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View Full Version : stripped hub, er drive flange studs


nakman
09-08-2009, 11:50 PM
I stripped 3 of those things last Saturday on the 80. I wanted to tighten a wheel bearing that had a little clunk to it, and when putting the drive flange back on, the nut just ate the threads of the stud right off. I had a couple spares, and promptly installed a new stud and with very little torque, it just kept on spinning. So I installed my last spare, and this time used a new cone washer, new washer washer, and new nut. Got it down to 20 pounds and all seemed ok. Took it up to 26 and it was obvious it was stripping, kept turning but torque wrench wouldn't click. So I stopped before it got worse, like the last two... :mad:

When replacing the stripped one, the other 5 were already torqued to 26. These were all new Toyota parts, granted I'd had them for a few years. One theory is that they're just a "bad batch." Any other thoughts? Just seems odd to strip these things. Is WD-40 bad for them? I did squirt a bunch to get the first one out. :confused: that's all I know...

Why shouldn't I just order up some bolts and be done with those things? That would certainly make flange/cone washer removal easier..

TIMZTOY
09-09-2009, 12:29 AM
wd40 is crap but shouldn't hurt anything. Next time use pb blaster life will be easer. Odds are the hub is partially striped. The studs are fine for sitting for a year. Odds are they'll sit on the parts shelf for years at a time. Take a really close look at the hole they thread Into I assume your tourquing the stud into the hub b4 putting the nut on ? There is a rather easy trick to removing the cone washers I spent amost afull day ****ing with one side the first time taking one apart. Then I called toyota and was like duuhhh when I herd how to do it.

powderpig
09-09-2009, 07:19 AM
Hey Tim, the book all for 24(at least the one I have), I do not usually go past 22 ftlbs. In the way past the book called for 18ftlb up until the 80 series came out(materials got better). I think 26 ftlb is a bucket load for this little bitty stud.
I can look at a up grade when I call Dan today. See if he can get the parts.
I will talk more on this later, Robbie

Uncle Ben
09-09-2009, 08:35 AM
I would Heli-coil and start again!

nakman
09-09-2009, 09:08 AM
:kevin:: It's not the hub that's stripped, it's the little studs that keep stripping. Helicoils are for ID threads and wouldn't help here.

Timz: I double nutted the stud then it bottomed out in the hole in the hub, but no I didn't torque it. What would I torque it to? Not sure how that makes a difference here my issue is with the other end of the stud- the one that pokes through the flange, not the one that bottoms out in the hub. I only had WD40 since I was in a parking lot in Telluride, and used it mainly to blast crap out of the hole before threading a new stud in. Actually didn't even apply any to the threads.

:robbie: thanks, curious what ol' Dan says.. and torque spec is 26 per the 96 book...

rover67
09-09-2009, 09:10 AM
It was the stud itself that the nut was pulling the threads off of.. not the studs pulling from the hub. I'll look to see what the 60 series manual calls for out of curiosity tonight.. they looked like they were similar in size at least.

edit: posted that while Tim was posting... sorry for the double.

Red_Chili
09-09-2009, 09:12 AM
A very worthy upgrade would be hardened studs, available lots of places (including www.frontrangeoffroadfab.com).

Do NOT, repeat NOT use bolts. Once you learn the cone magic, and make friends with AntiSeize, studs are actually easier anyway.

leiniesred
09-09-2009, 09:14 AM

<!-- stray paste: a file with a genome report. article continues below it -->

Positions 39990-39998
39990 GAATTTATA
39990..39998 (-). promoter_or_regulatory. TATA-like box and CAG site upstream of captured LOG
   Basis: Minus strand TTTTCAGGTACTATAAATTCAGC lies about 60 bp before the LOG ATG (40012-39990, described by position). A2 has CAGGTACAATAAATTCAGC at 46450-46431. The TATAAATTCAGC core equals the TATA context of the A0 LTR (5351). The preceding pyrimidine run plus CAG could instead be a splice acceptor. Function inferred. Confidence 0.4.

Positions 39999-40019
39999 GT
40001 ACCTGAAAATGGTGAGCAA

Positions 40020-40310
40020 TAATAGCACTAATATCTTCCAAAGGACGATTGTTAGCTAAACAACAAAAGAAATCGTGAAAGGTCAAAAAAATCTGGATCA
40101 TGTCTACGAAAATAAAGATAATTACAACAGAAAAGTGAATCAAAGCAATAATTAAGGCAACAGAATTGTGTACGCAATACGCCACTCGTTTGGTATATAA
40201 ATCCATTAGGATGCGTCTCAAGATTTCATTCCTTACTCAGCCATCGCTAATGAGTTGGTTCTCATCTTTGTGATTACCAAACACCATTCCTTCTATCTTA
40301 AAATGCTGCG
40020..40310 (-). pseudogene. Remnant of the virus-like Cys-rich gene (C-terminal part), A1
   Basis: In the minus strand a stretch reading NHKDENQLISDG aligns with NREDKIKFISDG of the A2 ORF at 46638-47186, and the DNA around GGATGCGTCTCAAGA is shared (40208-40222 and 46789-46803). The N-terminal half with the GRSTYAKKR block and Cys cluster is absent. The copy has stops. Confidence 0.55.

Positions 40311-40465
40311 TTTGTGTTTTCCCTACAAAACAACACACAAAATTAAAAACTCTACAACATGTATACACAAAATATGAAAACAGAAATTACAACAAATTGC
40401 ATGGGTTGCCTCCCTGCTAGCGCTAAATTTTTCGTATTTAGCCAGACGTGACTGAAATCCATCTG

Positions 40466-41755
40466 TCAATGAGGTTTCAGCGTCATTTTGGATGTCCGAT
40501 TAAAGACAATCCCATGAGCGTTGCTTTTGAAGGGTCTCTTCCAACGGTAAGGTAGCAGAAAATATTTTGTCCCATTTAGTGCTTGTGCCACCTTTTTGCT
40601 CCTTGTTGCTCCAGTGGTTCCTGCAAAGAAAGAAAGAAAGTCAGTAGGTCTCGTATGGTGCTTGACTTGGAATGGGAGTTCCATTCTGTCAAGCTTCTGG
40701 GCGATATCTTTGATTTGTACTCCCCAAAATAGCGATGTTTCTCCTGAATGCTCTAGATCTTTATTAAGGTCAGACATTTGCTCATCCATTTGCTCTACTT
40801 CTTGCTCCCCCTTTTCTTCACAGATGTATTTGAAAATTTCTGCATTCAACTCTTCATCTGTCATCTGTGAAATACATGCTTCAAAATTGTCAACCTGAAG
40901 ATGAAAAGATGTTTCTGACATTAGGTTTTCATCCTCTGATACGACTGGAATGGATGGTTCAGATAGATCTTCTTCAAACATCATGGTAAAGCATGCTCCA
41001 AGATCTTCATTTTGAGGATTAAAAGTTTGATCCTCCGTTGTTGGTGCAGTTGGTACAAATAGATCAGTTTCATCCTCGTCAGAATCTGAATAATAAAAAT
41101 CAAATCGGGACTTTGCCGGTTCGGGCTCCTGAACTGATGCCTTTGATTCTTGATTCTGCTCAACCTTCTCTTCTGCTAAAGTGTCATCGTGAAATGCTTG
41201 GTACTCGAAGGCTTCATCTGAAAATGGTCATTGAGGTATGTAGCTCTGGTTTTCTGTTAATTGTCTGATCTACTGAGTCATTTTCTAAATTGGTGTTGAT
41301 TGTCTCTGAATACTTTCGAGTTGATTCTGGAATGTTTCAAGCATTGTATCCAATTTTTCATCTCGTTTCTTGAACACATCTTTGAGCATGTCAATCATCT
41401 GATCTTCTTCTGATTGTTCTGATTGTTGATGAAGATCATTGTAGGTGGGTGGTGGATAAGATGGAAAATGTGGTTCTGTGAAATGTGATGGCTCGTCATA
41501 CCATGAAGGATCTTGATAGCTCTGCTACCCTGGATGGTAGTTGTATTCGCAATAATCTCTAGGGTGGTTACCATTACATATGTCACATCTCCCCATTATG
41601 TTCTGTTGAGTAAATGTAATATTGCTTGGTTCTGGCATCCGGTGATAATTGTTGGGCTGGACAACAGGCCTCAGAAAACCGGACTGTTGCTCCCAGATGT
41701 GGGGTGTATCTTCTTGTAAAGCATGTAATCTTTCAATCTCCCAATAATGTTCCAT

I'm pretty darn sure my ARP hub studs hold up just fine to 25+ ft/lbs.

I don't know if they are actually any stronger than stock. I never broke any.

DaveInDenver
09-09-2009, 09:40 AM
I would Heli-coil and start again!
We use Heli-Coil threadserts here to put threads into our aluminum enclosures. If it's good enough for something highly reliable for space, probably worthy of use on a Toyota. I've personally used Time-Serts and Heli-Coils with success.

nakman
09-09-2009, 09:43 AM
Ok so for $69 I can get 12 new studs http://frontrangeoffroadfab.com/nfoscomm/catalog/product_info.php?products_id=58&osCsid=cfc972d6a83b32f0a844e29fb8a35904 that's actually probably not any more than the OEM ones, I seem to remember them not being free..

http://frontrangeoffroadfab.com/nfoscomm/catalog/images/axle-rope-057_main.jpg?osCsid=cfc972d6a83b32f0a844e29fb8a35904

DaveInDenver
09-09-2009, 09:53 AM
AFAIK ARP makes the Front Range studs (this is good). FWIW, 8mm 170ksi studs are recommended to be torqued to 25 ft-lbf by ARP using 30 weight oil as lube or 20 ft-lbf with moly. I do 15 ft-lbf on OE with anti-seize, but then again I have half the engine and IFS. If you go with higher grade bolts (190 ksi), ARP recommends 28 ft-lbf with 30 weight or 22 ft-lbf with moly. The most ARP recommends is 25 ft-lbf with moly and 32 ft-lbf with 30 weight and that's for 220 ksi fasteners. Those torques put 6,250 lbf, 7,000 lbf and 7,800 lbf clamping on the joint respectively.

BTW, Marlin also sells the OE parts. The studs are $0.80/each and the whole assembly is about $5.50 for stud, cone, nut and flat washer. The cone is the expensive part, $3.50.

And finally, the stud is 8mmx1.25x41mm, if you want to buy them piecewise. A&A Trading post used to have them, although I have not bought any lately and they reorganized. You can find general purpose studs, like the ARP, in various grades (even stainless) at any speed shop.

wesintl
09-09-2009, 10:54 AM
Are you using the gun on them?

nakman
09-09-2009, 11:12 AM
Are you using the gun on them?

I was using it to run them down, but stopped before they bottomed out with the washer. On the old ones with road crap in the threads it definitely takes more force to drive that nut on, but I wouldn't just impact past the junk I'll always back it off then blast with more WD-40. Plus the area that's stripping is a cleaner area, under the nut.

But keep in mind two of the ones that stripped in Telluride were brand new, I had to rip a bag open to remove them. So no road grime, whatsoever.. and I ran it down to the washer with my fingers, the only wrench used was a torque wrench- I have been thinking maybe put the center caps back on, but then I don't know what difference that would make based on the experience with the brand new studs.

corsair23
09-09-2009, 11:19 AM
Tim,

How did they strip in the first place or how did you notice they were stripped? Are these nuts that you tend to "hit" with the torque wrench after each wheeling trip to check them? No clue on why the new ones strip but interested in the solution in case I ever run into this :thumb:

nakman
09-09-2009, 12:05 PM
They stripped when I was putting my drive flange back on.. yes I have hit them with a torque wrench in the past after a lot of wheeling just to check them, and yeah some have been a little loose. For example after Rubicon I checked all of them, on your ride home as well as mine, and every nut took about a 1/8 turn. Some of that may have been the gasket squishing, some may be the stud stretching.. but I'm going to be tough to convince they're over torqued.. I'm thinking of buying a new torque wrench though, just cause...